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“Old eyes”

This is a discussion on “Old eyes” within the Range Reports forums, part of the Firearm Forum category; Originally Posted by ditto1958 In all seriousness, eyesight does both change and deteriorate with age. I’m 61 and have worn glasses since 5th grade and ...


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Old September 8th, 2019, 08:06 AM   #16
 
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Quote:
Originally Posted by ditto1958 View Post
In all seriousness, eyesight does both change and deteriorate with age. I’m 61 and have worn glasses since 5th grade and bifocals since my mid-40’s. I definitely need a lot more light than I did when I was younger. I also don’t have nearly as much depth of field as I used to when I was younger. Perhaps that’s the thing shooters notice first. On a bright sunny day an 18 year old can focus on the front and rear sights AND the target. Older shooters can’t do that. Gotta pick one and the other two are out of focus. Look through a good scope, and wow! Everything is clear again.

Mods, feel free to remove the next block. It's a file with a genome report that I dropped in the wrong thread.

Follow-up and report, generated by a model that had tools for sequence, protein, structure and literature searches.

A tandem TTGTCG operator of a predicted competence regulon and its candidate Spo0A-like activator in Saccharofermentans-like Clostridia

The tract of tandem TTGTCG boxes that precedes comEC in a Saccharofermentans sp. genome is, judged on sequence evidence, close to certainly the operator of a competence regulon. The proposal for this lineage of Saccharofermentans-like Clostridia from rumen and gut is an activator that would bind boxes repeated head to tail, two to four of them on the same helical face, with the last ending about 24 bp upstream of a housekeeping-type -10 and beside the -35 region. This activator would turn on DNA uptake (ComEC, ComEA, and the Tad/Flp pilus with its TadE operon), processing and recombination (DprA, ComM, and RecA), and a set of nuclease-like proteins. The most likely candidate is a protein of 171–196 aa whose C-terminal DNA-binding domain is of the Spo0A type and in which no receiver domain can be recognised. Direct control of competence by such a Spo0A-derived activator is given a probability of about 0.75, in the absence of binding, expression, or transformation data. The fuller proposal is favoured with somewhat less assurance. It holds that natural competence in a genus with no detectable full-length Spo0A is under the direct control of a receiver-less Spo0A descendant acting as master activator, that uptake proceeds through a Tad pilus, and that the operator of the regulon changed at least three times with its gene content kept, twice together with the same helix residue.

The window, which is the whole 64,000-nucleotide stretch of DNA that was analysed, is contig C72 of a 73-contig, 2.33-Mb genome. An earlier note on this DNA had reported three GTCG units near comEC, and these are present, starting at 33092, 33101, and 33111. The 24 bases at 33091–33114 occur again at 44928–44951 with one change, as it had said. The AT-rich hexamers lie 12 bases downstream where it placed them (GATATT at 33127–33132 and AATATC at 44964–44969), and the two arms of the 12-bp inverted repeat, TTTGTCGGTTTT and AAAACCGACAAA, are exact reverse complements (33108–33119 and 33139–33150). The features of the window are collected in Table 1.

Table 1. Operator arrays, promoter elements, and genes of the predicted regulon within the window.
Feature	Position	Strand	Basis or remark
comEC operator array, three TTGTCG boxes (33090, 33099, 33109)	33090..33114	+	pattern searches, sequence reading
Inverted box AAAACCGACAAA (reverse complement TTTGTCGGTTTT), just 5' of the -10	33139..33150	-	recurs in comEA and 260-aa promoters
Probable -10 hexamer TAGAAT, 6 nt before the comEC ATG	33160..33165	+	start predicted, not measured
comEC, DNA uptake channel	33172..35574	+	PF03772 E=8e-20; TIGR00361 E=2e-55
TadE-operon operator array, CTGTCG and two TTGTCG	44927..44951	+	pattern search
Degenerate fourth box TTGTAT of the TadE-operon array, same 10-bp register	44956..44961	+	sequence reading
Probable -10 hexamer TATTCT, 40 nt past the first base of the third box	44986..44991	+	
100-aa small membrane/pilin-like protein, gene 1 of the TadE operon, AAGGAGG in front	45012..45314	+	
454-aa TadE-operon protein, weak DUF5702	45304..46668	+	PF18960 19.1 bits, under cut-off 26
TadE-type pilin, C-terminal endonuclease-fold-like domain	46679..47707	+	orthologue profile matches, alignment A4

But do normal age-related changes in eyesight preclude the effective use of open signts? No, not usually. Use a six o’clock hold and hold in the same spot for each shot and excellent groups are within reach with a bit of practice.

As I said in my original post, scopes are good, and I use and enjoy them. We need them. But shooting well with irons should not be overlooked.
You are fortunate. You have minimal issues that can allow you to still use open sights.

In my case, add in the effects of retina tears and the associated floaters that will need to be removed (which will result in major cataract surgery two months later) and open sights at distance isn't an optional.

As others have said, arrogance and lack of empathy is showing.



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Old September 8th, 2019, 08:25 AM   #17
 
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I have a neighbor across the street that is 93 years old and walks every morning and evening the entire area (every street) of this community....that does not make any difference to my bad knees, COPD or bad heart. Her ability does not make my stamina better. I install any optic device that helps me see to hit the target better.
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Old September 8th, 2019, 09:33 AM   #18